GWT with EJB

Using GWT with EJB

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GWT addresses the web layer and EJB, the middle layer, its natural to use both of them to have a neat J2ee app. In this small write-up I'll explain how to use them together.

I assume that you know how to create EJB project and Web project with Eclipse WTP and Cypal Studio for GWT. For the second one, I’ve written a post here.

If you are an advanced EJB developer and have used GWT for a while, “Use the RemoteServiceImpl as a EJB client and continue in the as usual way”. If don't clearly understand the above statement, then the rest of this writeup is for you.

Assume that there is a text box and a button in a web page. When you type a person’s name in the textbox and press the button, the age of the person should be shown to the user.

The first step is to create a Stateless Session Bean. The Remote & Home interface will look like this: 

public interface AgeServiceEjb extends EJBObject, Remote { 

      public int getAge(String name); 


public interface AgeServiceHome extends EJBHome {

        public AgeService create()throws …; 


The EJB looks something like:

public class AgeServiceBean implements SessionBean {
//All EJB members here 
          public int getAge(String name){ 
               int age; 
                      age = 18; //Pranni is always 18 :-)
              else if(name.equals(”GWT”)) 
                     age = 1;    // GWT still young!
                     age = 40; // default value return age; 

I opted for a very simple implementation. Of course you can do the normal way of contacting the Data Layer. (Entity beans/plain JDBC/Hibernate). Check whether name is null or not, throw a NameNotFound exception. Its the plain old EJB code. GWT does not restrict anything here. If you already have some EJB, exposing it to an existing servlet or a swing client, very well, you can reuse that also.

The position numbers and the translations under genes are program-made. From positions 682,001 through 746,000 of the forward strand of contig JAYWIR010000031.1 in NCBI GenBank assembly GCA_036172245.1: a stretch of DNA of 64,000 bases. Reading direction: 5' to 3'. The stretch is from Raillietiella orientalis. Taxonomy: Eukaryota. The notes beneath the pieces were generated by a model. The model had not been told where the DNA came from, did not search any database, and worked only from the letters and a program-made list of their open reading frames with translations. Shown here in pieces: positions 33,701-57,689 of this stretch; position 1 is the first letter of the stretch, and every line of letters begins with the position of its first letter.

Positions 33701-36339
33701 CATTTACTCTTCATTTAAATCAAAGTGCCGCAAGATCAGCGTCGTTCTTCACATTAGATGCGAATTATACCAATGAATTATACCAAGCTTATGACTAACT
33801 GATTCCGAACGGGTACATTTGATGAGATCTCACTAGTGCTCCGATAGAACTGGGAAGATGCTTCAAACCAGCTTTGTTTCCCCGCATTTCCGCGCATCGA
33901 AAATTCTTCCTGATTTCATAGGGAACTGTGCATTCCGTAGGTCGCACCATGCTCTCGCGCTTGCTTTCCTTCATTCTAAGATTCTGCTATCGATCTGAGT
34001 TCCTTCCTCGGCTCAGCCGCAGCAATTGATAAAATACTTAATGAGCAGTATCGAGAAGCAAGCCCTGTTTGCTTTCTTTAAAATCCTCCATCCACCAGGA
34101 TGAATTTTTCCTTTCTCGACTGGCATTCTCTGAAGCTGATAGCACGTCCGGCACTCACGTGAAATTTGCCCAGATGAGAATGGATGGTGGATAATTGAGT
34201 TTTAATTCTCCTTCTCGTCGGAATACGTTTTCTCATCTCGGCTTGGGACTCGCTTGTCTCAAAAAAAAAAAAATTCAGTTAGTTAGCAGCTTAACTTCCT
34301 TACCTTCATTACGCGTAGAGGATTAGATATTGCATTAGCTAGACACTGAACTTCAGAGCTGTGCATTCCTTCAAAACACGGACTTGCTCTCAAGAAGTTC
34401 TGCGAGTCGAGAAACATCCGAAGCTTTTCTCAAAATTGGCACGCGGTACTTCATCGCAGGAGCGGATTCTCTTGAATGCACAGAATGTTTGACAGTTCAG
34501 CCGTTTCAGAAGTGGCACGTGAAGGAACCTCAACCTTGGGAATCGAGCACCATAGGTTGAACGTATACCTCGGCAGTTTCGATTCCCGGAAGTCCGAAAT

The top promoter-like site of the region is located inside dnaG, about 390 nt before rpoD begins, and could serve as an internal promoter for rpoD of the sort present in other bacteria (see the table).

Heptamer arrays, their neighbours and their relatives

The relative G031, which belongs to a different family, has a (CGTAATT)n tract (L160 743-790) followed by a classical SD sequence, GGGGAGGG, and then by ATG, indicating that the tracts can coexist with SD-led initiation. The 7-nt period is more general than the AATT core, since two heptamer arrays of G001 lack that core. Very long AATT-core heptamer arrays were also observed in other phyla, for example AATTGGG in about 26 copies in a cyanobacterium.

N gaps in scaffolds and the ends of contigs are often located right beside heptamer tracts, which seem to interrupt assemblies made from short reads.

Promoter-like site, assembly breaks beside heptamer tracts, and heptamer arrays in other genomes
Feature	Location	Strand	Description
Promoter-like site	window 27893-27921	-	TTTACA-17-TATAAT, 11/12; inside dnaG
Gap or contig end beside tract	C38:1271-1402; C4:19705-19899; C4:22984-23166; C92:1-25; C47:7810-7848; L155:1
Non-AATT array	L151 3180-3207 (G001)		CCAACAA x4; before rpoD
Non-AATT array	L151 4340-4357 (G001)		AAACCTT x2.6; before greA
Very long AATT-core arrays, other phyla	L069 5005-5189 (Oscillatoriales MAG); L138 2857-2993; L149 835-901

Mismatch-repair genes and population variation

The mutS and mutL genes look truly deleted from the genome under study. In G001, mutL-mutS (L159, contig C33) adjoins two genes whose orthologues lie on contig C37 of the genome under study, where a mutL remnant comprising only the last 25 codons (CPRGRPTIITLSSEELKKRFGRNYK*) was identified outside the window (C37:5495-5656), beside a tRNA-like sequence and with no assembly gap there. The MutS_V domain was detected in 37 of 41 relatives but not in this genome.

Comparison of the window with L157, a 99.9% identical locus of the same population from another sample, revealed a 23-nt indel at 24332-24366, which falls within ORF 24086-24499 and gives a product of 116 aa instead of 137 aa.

Now let us create a Remote service in the Web layer.

The GWT’s RemoteService is very similar to the RemoteInterface of EJB:

public interface AgeServiceGWT extends RemoteService{

    public int getAge(String name);

    //other members like Util, SERVICE_URI etc ...  


The RemoteService’s Impl is the key which connects GWT and EJB:

public interface AgeServiceGwtImpl
    extends RemoteServiceServlet implements AgeServiceGwt{

    public int getAge(String name){

        Context ctx = new InitialContext();
        AgeServiceHome home = (
        AgeServiceEjb ageService = home.create();
        return ageService.getAge(name);


Again, you can do all the normal EJB client stuff here. Add parameters to create initial context, configure the JNDI name, cache the Home interface, etc. If you have ever used JSP/servlets calling EJB code, think it in the same way. Treat the Impl class as a servlet (in fact it is!) and do the usual way.

Common problems:

  • How do I deploy the EJB in the GWT’s embedded Tomcat server?

You can’t. In fact you can’t deploy it even on an external Tomcat. Its just a web container. You need an app server like WebLogic or JBoss

  • How do I create a EAR file?

Create an EAR project and add these projects (EJB & Web) to it. Select File->Export->Export as EAR file

  • Can I deploy the application in an app server and still debug in hosted mode?

Yes. Look at “Deploying to an external server” in the GWT Tutorial. Its the same way.